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Nowhere Fast

by Yashin Blake

Toronto writer Yashin Blake gives us 18 stories for the initiated, populated with edgy urbanites dispensing wry witticisms as they hold forth on such little-known cultural phenomena as McCoy Tyner, Slayer, and the Project for the New American Century. The core stories aren’t completely lost amidst all this hipness, but they are often difficult to nail down.

But maybe that’s part of the point. Blake’s obsession with immediate cultural context, though it often works to clutter his narratives with a sort of billboard detritus, does inject them with the urgency of Right Now, a sense of the zeitgeist that historical fiction rarely achieves. Blake’s characters inhabit a vulgar world of loud music and loves destroyed by drinking, where Johnny Hotrod beats Satan to a pulp in the laundromat and people recognize Jesus by his “hippie beard.”

But there’s more to Nowhere Fast than the degeneracy suggested by the clichéd title. Because for all their 21st-century glibness, the stories are often taut renderings of the lines of communication – strained, twisted, or snapped. In the scenes where four or five characters all hash it out, Blake’s ear for sharp, quippy dialogue comes crackling to the fore. The title story begins as Lois walks in on Gene masturbating to Newsweek photos of war hero Jessica Lynch, and over the next 20 pages the tension churns, with Lois’s parents, sister, and sister’s boyfriend all twining a precarious domestic web around them. The story loosely weaves current events and more delicate emotional strands into a nicely off-kilter tableau of a family troubled by resentment and illness in the aftermath of the World Trade Center attacks.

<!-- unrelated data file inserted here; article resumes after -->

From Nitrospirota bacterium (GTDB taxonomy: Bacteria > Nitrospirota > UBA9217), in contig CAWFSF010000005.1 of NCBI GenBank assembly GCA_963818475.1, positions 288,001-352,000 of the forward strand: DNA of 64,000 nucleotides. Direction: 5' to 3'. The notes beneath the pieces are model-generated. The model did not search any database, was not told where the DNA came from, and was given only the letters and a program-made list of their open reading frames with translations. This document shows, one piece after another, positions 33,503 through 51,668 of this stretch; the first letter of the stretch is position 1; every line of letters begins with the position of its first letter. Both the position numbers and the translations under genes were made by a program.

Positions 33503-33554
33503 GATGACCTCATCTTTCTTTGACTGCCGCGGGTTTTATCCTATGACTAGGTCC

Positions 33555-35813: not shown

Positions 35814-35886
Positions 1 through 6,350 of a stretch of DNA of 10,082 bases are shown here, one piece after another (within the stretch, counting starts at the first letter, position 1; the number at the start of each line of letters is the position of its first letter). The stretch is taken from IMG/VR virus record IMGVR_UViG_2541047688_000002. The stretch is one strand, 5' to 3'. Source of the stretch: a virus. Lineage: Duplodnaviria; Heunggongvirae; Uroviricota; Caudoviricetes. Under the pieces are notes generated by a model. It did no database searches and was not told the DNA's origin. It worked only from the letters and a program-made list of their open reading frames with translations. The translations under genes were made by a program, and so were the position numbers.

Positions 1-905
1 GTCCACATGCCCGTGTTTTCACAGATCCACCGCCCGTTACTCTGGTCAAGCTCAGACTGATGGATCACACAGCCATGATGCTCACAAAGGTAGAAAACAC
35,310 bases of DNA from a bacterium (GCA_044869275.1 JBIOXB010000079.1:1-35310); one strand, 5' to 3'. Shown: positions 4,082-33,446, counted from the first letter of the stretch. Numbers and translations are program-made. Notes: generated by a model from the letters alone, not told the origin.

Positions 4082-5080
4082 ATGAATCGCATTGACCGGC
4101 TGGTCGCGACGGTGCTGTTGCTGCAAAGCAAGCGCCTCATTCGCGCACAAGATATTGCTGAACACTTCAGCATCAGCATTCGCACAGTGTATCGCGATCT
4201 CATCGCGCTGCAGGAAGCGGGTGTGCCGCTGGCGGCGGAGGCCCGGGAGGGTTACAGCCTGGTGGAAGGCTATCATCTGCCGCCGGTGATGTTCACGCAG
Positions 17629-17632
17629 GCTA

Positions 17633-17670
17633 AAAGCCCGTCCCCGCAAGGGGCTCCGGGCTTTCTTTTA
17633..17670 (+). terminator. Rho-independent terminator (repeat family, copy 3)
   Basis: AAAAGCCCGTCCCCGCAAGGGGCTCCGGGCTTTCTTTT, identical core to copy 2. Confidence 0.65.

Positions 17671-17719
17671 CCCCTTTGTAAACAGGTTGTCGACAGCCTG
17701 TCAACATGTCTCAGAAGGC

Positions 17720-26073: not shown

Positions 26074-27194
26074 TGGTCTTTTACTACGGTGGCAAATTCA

Unfortunately, few of these stories are this successful. Many are little more than amusing anecdotes. Characters’ voices are too often interchangeable, their depths as people sacrificed to maintain the prevailing dynamic Blake’s frenetic little postmodernities seem to require. This is a quick read, and like the world it envisions, its edges are often blurred by the velocity and apparent randomness of it all, leaving one disoriented and strangely dissatisfied.